.o completes these forms. Sealed and locked
ay until after final exams, the questionnaires
:eive judgment in an atmosphere divorced
m the classroom..Whether the instructor in-
'porates the comments and suggestions in
y future teaching scheme or discards them
npletely will have no bearing on the student
sently enrolled in the course.
OURSE EVALUATION should be a contin-i
uous process. One half hour per semester

specific preparation should have been made
beforehand to encourage, not only students but
interested faculty and perhaps administration
personnel to take part in the discussion.
Prof. Lionel Laing, for example, would prob-
ably have a great many ideas on the subject.
Had a vigorous attempt been made to get more
students there it would have been valuable
to the discussion. If student government is to
be construed in any way to be a representation,
of students, it must make every possible effort
to determine whta its constituency believes.
LASTLY, the brainstorming type of meeting
is better suited for a seminar group than
a public hearing. When a group becomes larger
than nine or ten it is difficult to conduct a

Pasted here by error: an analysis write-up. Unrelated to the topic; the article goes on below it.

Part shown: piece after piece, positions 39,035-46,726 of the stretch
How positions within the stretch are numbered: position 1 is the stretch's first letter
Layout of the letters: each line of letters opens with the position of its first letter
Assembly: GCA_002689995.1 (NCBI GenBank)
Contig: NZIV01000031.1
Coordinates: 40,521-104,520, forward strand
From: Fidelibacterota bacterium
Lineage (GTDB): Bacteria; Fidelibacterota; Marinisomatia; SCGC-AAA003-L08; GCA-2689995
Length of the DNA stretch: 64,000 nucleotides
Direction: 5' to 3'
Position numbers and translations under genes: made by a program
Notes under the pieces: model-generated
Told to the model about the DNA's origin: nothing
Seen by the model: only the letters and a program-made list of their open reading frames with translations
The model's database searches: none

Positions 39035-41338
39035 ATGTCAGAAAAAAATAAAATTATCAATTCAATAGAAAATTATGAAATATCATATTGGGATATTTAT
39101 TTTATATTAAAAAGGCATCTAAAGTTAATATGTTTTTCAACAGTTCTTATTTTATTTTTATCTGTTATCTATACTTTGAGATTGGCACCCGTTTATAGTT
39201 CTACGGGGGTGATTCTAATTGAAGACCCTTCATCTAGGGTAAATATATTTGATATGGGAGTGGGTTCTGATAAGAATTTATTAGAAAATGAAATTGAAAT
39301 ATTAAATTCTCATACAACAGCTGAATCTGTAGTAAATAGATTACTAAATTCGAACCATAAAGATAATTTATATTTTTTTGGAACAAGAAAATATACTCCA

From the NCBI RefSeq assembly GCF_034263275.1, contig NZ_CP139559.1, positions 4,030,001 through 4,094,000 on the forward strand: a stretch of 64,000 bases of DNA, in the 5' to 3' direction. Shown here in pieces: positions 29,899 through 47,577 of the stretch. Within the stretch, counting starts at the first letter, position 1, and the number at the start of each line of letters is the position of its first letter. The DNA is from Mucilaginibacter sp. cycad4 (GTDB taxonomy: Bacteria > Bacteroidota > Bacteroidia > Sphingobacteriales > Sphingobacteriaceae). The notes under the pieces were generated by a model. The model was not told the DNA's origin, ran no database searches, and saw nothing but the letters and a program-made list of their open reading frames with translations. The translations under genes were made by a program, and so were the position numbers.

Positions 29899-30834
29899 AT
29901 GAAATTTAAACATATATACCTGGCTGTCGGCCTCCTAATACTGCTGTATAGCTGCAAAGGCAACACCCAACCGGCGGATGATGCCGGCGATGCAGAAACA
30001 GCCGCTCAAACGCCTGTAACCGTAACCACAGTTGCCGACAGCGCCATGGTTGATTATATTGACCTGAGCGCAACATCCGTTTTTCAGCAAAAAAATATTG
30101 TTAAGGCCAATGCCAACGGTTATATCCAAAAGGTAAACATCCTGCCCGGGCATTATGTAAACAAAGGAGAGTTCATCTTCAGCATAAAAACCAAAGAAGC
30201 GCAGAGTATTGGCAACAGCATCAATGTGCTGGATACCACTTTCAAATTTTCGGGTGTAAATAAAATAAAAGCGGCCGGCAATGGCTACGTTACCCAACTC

really productive seminar or debate. Further-
more ,a public seminar meeting suffers because
everything said is not only for the benefit of
the Council but for the public. In such an at-
mosphere formality increases and productivity
declines. The solution to this and the other
problem is to 1) hold larger and better organ-
ized meetings by setting up more rigid topics of
discussion than the ideal "discussion of the
philosophy of student government," and 2)
making a stronger effort toward non-Council
participation.
# --PHILIP MUNCK
)r Evaluations
will not justify the ideals of the course. Periodi
cally (perhaps once a week) the teacher should
set aside a few minutes to take stock of the
whole situation. Students won't be reluctant
to respond to such questions as these:
"Am I, as a teacher, presenting logical ar-
guments? How are you reacting to my lecture
material? Are my illustrations relevantIto the
subject being discussed? How would you, as
a teacher, handle topics so the students will
be most appreciative of them?"
THIS ARRANGEMENT is most adaptable to
a small class in which the students are
highly knowledgeable in regard to the course
material. Even a large freshman lecture course
would benefit from this method of evaluation
by framing questions geared to the level of
the students enrolled.
If there is reciprocity between student and
teacher over the subject matter, what precludes
comparable reciprocity over discussion of inY.
structional methods? A professor has his short-
comings and his courses may have pitfalls; it
would be. more helpful to all concerned if
students had the opportunity to express their
specific views on such defects.
Before the course evaluation questionnaire
setup becomes a mechanical routine, it should
be revised to allow for direct student discus-
sion.
-GILBERT WINER

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KHRUSHCHEV 'COURT':
Kremlin Hierarchy